March 17, 2013

Author Q & A: dot.crime

A new book by York's J.A. Hitchcock offers horror stories of cyber misdeeds.

By Meredith Goad
Staff Writer

(Continued from page 2)

click image to enlarge

Jayne Hitchcock

click image to enlarge


HERE ARE J.A. Hitchcock's upcoming appearances in Maine:


Maine Open Reads, noon to 2 p.m., Belgrade Public Library, 124 Depot Road, Belgrade. 495-3508;

MAY 25

Nonesuch Books, 11 a.m. to 1 p.m., 403 Mariner Way, Biddeford. 282-2638


Book signing at Sherman's Books and Stationery, 128 Main St., Freeport.

869-9000; (877) 474-3762;

HITCHCOCK ALSO teaches online safety for the Salvation Army's Tools for Life program at 297 Cumberland Ave., Portland. For more information, call Mary Irace at 774-4172, Ext. 262. Upcoming dates are:

June 11, 10 a.m. to noon

Aug. 27, 10 a.m. to noon

Nov. 12, 10 a.m. to noon

Q: Are most stories in the stalking/burglary category?

A: Yeah, and then you have the ones where people actually kill, like the Craigslist killer. He went on Craigslist for so-called masseuses and ended up killing several women. Then you have the bullies when you get into kids and teens, and they're beating up people and posting videos of it. It's a little bit of everything. 

Q: What are the top three things parents can do to protect their kids?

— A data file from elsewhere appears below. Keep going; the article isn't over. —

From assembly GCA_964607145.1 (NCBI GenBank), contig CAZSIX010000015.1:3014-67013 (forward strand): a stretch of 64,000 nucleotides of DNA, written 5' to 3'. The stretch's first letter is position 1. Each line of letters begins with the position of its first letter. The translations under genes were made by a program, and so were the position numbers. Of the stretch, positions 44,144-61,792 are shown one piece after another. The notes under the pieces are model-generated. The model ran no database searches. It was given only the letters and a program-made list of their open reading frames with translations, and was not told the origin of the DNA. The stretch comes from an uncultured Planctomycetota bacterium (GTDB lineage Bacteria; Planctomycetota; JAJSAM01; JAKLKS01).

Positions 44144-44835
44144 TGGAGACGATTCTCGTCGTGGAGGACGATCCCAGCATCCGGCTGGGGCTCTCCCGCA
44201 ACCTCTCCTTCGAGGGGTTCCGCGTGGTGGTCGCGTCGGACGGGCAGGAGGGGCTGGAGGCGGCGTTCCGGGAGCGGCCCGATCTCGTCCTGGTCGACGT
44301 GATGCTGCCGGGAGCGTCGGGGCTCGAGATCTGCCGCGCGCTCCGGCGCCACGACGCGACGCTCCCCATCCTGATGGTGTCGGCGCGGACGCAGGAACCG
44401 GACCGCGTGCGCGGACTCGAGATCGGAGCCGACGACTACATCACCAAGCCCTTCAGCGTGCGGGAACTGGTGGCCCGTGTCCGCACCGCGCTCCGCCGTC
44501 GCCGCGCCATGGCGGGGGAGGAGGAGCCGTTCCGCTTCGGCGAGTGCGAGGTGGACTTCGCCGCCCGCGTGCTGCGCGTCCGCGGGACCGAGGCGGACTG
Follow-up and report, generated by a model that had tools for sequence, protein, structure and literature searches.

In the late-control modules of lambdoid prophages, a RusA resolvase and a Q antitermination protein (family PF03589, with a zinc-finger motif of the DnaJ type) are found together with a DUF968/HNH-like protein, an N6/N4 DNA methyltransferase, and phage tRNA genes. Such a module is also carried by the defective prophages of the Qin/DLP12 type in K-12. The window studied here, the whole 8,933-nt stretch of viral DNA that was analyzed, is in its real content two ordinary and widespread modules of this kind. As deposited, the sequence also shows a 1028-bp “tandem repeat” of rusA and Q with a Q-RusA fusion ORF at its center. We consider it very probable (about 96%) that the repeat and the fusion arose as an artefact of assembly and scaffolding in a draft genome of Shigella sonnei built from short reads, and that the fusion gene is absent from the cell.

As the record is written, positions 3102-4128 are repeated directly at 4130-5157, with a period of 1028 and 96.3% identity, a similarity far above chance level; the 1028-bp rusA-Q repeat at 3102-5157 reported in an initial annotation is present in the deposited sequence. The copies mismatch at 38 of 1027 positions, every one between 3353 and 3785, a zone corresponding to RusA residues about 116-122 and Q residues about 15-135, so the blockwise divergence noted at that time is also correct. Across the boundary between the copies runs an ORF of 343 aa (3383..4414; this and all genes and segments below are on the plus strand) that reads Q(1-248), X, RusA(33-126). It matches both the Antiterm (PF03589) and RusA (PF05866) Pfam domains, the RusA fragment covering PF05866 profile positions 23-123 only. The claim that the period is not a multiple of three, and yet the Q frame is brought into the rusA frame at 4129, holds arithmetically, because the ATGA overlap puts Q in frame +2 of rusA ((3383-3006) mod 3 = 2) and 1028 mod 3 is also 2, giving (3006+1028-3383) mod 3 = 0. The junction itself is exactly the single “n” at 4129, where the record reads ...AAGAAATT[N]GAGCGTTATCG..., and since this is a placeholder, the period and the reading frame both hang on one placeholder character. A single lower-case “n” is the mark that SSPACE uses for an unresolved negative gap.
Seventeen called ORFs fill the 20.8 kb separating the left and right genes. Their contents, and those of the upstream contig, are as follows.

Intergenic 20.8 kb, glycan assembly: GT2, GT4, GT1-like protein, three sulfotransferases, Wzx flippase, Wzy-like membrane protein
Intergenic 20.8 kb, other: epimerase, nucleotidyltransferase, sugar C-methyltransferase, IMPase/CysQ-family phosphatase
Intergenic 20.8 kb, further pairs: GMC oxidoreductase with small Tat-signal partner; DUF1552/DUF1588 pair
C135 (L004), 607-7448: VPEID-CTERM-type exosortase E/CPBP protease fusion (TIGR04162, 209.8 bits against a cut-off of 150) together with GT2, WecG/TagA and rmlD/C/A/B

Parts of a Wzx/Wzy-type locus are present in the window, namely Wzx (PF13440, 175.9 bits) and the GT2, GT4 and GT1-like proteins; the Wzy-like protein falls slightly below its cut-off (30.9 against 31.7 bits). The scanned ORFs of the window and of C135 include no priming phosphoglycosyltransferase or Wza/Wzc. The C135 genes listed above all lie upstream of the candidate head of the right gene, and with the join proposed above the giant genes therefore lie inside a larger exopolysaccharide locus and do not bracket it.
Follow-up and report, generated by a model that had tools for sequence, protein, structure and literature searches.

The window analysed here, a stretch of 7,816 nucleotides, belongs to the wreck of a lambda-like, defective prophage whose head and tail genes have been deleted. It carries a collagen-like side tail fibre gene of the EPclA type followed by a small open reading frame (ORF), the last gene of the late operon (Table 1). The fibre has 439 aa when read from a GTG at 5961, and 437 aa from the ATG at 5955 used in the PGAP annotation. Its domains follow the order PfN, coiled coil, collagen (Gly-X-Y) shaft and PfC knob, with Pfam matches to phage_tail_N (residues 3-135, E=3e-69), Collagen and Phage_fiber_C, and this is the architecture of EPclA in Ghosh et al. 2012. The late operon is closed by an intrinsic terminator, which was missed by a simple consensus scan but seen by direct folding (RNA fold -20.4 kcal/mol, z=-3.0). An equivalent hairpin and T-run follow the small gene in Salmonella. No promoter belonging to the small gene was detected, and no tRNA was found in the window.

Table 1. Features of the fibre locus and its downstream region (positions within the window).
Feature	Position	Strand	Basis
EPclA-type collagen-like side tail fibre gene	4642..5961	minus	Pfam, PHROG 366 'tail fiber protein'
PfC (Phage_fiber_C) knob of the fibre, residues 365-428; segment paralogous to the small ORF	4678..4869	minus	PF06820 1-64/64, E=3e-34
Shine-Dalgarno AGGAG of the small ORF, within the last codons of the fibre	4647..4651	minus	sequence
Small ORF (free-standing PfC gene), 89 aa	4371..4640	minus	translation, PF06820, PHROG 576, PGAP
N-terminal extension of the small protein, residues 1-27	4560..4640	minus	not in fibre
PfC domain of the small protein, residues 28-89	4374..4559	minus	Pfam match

A: Know where your kids are going online. Know what they're using. If they're on Facebook, either you've got to be on Facebook or you've got to have at least a working knowledge of it. Have them show you. Now the kids are kind of drifting a little bit away from Facebook, and they're going to Snapchat. There's Kik. Instagram. Start educating yourself about what is out there and what kids are doing.

Just say, "Hey, that looks like a cool website, you're on, what is that?" Just ask, because kids love to show off. And if you don't have a Facebook account or you want to get one, just say, "Can you help me start up this profile? I don't know what I'm doing." And kids will help.

And then just be very open with your kids and talk with them ... Don't make them feel like they're going to be punished for coming to you because they accidentally clicked on a link and went to a porno site or some stranger is contacting them on Facebook or sent them nasty photos on Snapchat. It's not their fault.

You've got to make sure that no matter how upset you are with the situation, don't take it out on the kids. Work with them. Sit down and say, "OK, let's see what's going on here. OK, we can contact Snapchat, we can contact Facebook. Let's block this person." Just be very open, and listen to your kids.

Staff Writer Meredith Goad can be contacted at 791-6332 or at:

Twitter: MeredithGoad


Were you interviewed for this story? If so, please fill out our accuracy form

Send question/comment to the editors

Further Discussion

Here at we value our readers and are committed to growing our community by encouraging you to add to the discussion. To ensure conscientious dialogue we have implemented a strict no-bullying policy. To participate, you must follow our Terms of Use.

Questions about the article? Add them below and we’ll try to answer them or do a follow-up post as soon as we can. Technical problems? Email them to us with an exact description of the problem. Make sure to include:
  • Type of computer or mobile device your are using
  • Exact operating system and browser you are viewing the site on (TIP: You can easily determine your operating system here.)



More PPH Blogs